The Most Dangerous Book in the World

Dale Edwin Murray
Dale Edwin Murray

By Oliver Bullough | Illustration by Dale Edwin Murray

For decades, the only thing staving off a worldwide Socialist revolution was a grouchy librarian.

There is no clearer sign of Communism’s decline, Russians joke, than its loss of hair. From Karl Marx’s bushy mane to Mikhail Gorbachev’s shiny pate, the movement went bald and bankrupt at the same time. Perhaps this isn’t a theory to take too seriously. But you have to wonder: If Soviet officials had been aware of Charles Goss’s glorious whiskers, would they have picked a fight with him?

The locks on this English librarian were nothing special, but his mustache, oh, his mustache. The elaborate lip mitten slanted downward a full four inches on each side, far beyond his cheeks, obscuring all but a glimpse of his lower lip. It was a marvel of facial topiary that made Stalin’s well-groomed bristles look like unkempt shrubbery.

The mustache, of course, was also an indicator of his quirks. Goss was precise and eccentric—traits that helped him as an administrator at London’s Bishopsgate Institute, an independent cultural center. But it was his decades-long fight with the agents of the Red Revolution, in a battle that would suck in government ministers, journalists, and ambassadors, that truly demonstrated his grit. The source of that fight: a single book Goss took in as an afterthought—a foolscap notebook from the early 1860s full of semi-legible handwriting.

That notebook was “The Minute Book of the General Council of the International Working Men’s Association” (IWMA), a foundational document of the global proletarian movement. Its sacred pages detailed discussions between Marx and Socialists throughout Europe. It revealed the first steps the world’s workers took as they stoked the revolution. As years passed, lore of the book’s power grew. Politicians and intellectuals desperately tried to liberate it from the clutches of this whiskered dinosaur. But Charles Goss was no ordinary guardian.

The Bishopsgate Institute was established in London’s East End in 1895 to improve the neighborhood. Less than a decade before, the bleak streets were Jack the Ripper’s stalking ground. Now, a local rector hoped to curb the squalor by providing books and lectures to the poor. Education, he hoped, would civilize them. Unfortunately, he chose the wrong man to do it.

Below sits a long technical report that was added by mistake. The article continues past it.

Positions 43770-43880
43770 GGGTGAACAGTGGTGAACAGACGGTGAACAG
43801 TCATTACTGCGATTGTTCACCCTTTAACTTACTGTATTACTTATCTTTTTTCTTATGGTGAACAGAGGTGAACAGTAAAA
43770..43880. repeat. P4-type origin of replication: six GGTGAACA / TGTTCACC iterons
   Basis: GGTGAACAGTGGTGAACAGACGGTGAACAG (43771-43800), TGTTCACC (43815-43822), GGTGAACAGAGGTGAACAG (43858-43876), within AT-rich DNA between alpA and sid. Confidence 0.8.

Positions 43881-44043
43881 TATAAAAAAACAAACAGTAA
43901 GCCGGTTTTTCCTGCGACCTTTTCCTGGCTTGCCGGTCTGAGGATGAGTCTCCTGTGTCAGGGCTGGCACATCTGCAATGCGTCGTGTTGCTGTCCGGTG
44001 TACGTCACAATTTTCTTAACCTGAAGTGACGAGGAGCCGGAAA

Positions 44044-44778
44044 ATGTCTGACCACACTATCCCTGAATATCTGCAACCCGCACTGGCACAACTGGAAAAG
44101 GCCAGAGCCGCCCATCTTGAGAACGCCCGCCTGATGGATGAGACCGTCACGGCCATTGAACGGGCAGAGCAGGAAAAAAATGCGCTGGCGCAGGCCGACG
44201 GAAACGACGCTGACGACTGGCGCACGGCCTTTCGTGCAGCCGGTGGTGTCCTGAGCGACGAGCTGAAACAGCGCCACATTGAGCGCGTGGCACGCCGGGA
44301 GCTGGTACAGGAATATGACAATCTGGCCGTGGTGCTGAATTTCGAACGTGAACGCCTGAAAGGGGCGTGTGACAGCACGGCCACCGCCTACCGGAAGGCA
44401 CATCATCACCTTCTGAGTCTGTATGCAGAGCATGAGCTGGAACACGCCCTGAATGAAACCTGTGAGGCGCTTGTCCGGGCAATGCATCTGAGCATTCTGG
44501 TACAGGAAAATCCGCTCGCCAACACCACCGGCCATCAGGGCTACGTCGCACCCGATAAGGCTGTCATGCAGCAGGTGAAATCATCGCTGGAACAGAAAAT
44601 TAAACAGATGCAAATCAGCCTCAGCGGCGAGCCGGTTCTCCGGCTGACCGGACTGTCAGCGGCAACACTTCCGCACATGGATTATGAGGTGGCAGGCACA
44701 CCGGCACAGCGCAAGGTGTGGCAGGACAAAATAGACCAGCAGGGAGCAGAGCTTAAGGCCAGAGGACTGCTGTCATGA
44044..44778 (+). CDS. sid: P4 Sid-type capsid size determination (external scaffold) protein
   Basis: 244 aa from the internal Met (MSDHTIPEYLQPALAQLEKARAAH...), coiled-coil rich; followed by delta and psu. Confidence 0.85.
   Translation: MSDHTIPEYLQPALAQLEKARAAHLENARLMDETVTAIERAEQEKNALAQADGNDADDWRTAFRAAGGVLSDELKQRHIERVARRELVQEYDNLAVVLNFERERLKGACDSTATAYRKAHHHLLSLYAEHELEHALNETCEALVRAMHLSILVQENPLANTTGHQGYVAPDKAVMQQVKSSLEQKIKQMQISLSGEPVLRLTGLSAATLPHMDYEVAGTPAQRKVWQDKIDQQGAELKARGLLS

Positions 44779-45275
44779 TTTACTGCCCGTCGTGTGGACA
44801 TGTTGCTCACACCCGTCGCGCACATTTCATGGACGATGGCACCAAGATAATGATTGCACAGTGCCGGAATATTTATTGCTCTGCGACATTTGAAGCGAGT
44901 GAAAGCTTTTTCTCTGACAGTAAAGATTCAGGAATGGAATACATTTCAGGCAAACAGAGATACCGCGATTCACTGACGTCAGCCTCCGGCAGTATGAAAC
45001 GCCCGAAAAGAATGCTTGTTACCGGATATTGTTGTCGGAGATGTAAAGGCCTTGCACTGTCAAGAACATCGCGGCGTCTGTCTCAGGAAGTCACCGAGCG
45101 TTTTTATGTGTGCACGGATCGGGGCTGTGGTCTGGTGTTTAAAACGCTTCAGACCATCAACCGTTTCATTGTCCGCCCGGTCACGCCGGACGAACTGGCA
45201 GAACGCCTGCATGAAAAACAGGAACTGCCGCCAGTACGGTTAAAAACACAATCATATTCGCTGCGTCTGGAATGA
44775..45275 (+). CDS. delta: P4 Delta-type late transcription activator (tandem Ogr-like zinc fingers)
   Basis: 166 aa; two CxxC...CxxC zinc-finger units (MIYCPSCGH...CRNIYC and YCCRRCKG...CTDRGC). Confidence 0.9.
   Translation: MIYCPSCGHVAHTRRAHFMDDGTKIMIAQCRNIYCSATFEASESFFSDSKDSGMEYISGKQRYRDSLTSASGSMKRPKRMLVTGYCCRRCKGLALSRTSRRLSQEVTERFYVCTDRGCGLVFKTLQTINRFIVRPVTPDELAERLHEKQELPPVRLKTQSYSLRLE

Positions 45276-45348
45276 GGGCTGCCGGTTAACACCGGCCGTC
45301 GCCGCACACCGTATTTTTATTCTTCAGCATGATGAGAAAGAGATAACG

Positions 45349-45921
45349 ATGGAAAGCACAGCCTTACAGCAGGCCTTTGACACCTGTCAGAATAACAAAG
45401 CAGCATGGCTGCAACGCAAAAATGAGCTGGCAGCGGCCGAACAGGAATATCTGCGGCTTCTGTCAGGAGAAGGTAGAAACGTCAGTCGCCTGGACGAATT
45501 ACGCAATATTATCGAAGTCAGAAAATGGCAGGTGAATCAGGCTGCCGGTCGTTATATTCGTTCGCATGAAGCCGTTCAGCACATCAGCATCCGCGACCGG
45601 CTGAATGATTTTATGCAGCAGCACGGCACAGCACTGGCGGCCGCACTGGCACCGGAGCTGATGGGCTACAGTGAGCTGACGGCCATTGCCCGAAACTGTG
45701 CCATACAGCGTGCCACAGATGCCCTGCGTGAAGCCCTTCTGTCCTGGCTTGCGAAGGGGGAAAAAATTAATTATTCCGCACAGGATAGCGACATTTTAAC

Goss had worked in libraries across England before joining the institute. He loved reading, but he loved books more. He was so attached to books that he kept his collections locked up. Instead of allowing the public to browse the institute’s shelves, he bought a Cotgreave Indicator, a cumbersome system that specified through code which books were available and which were not.

Goss was a terrible lender, but he had a keen sense for acquisitions. His collections were deep and varied, and he bought books from all over. In 1905, Goss began acquiring the library of George Howell, a trade unionist and politician who spent his life immersed in Victorian politics. When Goss installed the collection on the shelves of Bishopsgate, he was confident he was providing readers with works they could find nowhere else, even if they couldn’t actually see them. Among them was “The Minute Book,” acquired in 1910, an original with no copies.

The Birth of a Movement

The IWMA had been born, as Goss had, in London in 1864. Under the stewardship of Karl Marx, the organization sought to link workers across Europe and America, allowing them to support one another and coordinate activities. Nothing like this had ever existed before. The communist parties that once ruled from Sarajevo to Siberia are the IWMA’s descendants. So are the socialist parties of Europe and the leftist movements of South America.

But despite its revolutionary nature, the IWMA was no underground organization. This was liberal London, and the delegates—Polish, Italian, and Hungarian exiles; American spiritualists; Russian anarchists; British and Swiss trade unionists; and French and German revolutionaries—met openly, in a gaslit hall near Trafalgar Square.